A powerful car bomb killed at least eight people and wounded 47 in Afghanistan's western Herat province, officials said Saturday.
Hours later, the U.N. condemned an “alarming” increase in attacks in the country targeting civilians.
The death toll in the explosion late Friday that also destroyed 14 houses is expected to rise because several of the injured were critical, said Rafiq Sherzai, a spokesman for the provincial hospital.
One among the dead and 11 of the injured were Afghan Security Forces personnel while the remainder were civilians, including women and children, said Interior Ministry spokesman Tariq Arian.
No one immediately claimed responsibility.
Within hours of the attack, the U.N. Security Council at a press briefing in New York condemned an “alarming” increase in attacks in Afghanistan targeting civilians even as the Taliban and the Afghan government hold on-again-off-again talks in Qatar.
“These heinous attacks have targeted civil servants, the judiciary, the media, health care and humanitarian workers, including women in prominent positions, those who protect and promote human rights, and ethnic and religious minorities,” the council said.
The Islamic State group has claimed responsibility for many of the targeted killings while the Taliban and the government have blamed each other for trying to sabotage efforts to reach a peace agreement.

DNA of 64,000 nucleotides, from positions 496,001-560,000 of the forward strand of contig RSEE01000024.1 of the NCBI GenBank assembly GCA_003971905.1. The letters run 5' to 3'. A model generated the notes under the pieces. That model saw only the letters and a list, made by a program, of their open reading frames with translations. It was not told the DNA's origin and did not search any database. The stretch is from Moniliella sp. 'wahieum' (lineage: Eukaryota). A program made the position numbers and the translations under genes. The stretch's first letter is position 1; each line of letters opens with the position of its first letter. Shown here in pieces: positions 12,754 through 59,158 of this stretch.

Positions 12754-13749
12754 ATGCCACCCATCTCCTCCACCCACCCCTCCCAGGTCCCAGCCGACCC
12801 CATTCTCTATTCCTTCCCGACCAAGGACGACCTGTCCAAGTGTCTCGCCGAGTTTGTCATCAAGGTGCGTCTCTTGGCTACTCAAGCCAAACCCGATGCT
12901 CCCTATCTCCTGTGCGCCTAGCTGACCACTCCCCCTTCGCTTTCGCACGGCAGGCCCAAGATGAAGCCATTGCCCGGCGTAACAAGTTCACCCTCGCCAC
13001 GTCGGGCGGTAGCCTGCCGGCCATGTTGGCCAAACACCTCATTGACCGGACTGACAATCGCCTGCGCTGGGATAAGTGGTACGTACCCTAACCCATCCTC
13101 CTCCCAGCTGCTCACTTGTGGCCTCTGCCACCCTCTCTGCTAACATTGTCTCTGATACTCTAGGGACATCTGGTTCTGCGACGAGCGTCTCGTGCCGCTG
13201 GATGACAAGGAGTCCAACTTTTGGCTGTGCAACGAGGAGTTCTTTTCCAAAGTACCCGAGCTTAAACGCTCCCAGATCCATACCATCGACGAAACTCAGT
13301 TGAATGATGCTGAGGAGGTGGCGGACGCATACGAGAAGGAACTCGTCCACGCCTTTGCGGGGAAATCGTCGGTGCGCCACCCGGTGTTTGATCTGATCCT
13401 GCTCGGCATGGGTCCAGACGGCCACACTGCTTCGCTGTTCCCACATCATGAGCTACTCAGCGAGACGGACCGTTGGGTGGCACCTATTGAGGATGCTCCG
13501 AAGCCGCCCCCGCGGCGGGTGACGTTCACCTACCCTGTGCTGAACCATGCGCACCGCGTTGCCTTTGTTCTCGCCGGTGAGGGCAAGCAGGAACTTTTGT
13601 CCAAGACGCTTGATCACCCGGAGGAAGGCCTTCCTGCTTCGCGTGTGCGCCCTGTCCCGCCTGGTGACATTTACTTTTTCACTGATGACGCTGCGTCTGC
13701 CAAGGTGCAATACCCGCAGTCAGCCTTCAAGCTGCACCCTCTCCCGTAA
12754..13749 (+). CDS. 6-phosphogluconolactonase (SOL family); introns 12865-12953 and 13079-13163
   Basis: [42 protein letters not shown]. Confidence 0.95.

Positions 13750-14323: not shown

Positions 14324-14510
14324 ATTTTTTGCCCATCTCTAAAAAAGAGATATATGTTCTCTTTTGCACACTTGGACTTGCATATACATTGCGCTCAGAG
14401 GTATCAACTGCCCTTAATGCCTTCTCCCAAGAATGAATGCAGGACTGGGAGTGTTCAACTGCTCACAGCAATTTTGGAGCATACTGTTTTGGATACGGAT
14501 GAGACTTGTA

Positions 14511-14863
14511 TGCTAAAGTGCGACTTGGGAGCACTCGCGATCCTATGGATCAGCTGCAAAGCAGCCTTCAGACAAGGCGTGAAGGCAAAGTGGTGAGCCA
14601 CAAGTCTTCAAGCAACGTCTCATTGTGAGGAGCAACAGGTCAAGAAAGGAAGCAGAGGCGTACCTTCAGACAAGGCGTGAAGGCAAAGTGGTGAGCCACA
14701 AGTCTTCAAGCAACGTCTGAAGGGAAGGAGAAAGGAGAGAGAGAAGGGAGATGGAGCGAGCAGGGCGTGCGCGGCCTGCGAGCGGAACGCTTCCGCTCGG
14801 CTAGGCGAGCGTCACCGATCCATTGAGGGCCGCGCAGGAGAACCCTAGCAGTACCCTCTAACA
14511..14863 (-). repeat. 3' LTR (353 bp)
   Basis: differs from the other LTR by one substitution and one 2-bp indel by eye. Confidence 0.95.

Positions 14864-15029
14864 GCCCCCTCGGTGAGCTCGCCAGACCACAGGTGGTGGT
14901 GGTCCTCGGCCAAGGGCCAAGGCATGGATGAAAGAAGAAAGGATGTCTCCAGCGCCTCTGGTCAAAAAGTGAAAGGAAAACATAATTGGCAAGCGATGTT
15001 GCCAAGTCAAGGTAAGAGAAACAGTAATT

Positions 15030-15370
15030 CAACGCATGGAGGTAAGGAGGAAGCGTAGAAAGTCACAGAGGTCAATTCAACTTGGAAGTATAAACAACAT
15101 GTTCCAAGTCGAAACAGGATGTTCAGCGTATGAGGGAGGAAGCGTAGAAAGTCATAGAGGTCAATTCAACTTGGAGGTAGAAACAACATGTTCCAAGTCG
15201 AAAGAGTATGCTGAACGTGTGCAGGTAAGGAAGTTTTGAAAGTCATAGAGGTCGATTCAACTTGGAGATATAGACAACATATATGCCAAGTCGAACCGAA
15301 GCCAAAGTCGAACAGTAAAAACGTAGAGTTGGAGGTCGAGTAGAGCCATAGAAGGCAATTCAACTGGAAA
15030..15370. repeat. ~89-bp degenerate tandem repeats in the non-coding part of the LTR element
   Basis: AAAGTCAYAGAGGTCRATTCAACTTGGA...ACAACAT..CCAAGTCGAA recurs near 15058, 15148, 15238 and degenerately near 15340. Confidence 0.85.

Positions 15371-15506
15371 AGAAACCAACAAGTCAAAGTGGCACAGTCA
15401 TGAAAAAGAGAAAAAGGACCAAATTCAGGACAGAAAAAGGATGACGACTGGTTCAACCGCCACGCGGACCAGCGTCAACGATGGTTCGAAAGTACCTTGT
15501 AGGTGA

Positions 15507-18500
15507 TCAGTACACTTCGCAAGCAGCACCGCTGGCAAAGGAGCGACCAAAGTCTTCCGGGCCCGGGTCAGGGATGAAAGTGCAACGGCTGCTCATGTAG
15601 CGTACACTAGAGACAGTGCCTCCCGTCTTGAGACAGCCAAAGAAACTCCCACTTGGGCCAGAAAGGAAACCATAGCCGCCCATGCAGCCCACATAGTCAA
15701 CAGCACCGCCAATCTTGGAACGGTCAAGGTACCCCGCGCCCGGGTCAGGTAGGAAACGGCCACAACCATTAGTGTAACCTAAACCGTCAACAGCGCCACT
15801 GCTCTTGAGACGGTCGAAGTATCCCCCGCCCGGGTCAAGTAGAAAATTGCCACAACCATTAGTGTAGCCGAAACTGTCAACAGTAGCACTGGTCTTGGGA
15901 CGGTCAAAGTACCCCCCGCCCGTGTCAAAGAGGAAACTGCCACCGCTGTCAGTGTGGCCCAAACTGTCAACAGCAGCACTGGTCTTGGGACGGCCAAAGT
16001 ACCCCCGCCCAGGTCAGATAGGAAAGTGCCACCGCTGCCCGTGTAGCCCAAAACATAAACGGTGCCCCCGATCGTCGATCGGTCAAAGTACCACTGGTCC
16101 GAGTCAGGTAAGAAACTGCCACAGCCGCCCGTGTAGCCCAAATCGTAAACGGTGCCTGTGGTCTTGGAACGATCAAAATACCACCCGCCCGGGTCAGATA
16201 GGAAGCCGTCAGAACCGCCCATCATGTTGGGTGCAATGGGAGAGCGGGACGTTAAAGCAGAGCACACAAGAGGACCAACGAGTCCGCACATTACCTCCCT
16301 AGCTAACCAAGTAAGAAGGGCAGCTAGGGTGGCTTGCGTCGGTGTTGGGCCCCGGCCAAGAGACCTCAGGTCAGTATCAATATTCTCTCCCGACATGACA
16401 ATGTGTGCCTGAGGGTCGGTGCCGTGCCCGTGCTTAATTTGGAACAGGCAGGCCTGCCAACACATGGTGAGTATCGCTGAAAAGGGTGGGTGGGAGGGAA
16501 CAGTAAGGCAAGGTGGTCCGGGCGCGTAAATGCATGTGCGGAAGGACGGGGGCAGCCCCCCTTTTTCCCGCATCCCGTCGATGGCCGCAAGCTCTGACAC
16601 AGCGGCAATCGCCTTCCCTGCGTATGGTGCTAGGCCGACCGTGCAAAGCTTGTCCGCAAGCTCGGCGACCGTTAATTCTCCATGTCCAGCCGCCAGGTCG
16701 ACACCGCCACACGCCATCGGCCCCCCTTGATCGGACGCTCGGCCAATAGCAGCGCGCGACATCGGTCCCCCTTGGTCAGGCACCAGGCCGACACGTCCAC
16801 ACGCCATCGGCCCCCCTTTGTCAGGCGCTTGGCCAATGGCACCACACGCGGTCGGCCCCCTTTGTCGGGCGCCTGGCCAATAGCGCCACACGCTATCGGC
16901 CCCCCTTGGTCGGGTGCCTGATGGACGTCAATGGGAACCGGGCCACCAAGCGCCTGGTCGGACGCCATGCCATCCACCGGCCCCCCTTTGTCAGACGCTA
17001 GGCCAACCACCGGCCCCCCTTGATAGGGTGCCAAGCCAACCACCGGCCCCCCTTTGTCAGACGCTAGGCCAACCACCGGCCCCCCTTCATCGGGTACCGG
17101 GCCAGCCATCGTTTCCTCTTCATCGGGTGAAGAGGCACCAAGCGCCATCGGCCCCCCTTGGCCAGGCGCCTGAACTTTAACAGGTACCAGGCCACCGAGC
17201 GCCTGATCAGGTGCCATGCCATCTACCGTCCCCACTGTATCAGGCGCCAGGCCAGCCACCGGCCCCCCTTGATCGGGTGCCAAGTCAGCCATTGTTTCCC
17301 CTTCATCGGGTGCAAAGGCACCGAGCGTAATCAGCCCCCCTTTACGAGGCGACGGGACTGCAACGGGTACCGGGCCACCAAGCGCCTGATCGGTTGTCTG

The slow pace of talks and the increasing violence has prompted the United States to cobble together a peace proposal, which was delivered last weekend.
Both sides are expected to review and revise the eight-page plan ahead of a far-reaching meeting the U.S. has proposed to be held in Turkey within weeks, when Washington hopes to see an agreement.
The U.S. meanwhile is reviewing a peace deal the Trump administration signed with the Taliban, which calls for the final withdrawal of the remaining 2,500 U.S. troops from Afghanistan by May 1.
The growing consensus is for a delay but in a sternly worded letter to Afghan President Ashraf Ghani last weekend pressing for progress on making peace with the Taliban, U.S. Secretary of State Antony Blinken said all options, including the withdrawal, are still on the table
The proposed peace deal offered by the U.S. calls for an interim “peace government" to shepherd a post-war Afghanistan to elections and constitutional reforms. It also calls for the protection of equal rights for women and minorities.
The U.N. Security Council also called for “full, equal and meaningful participation of women,” and a quick move toward a reduction in violence.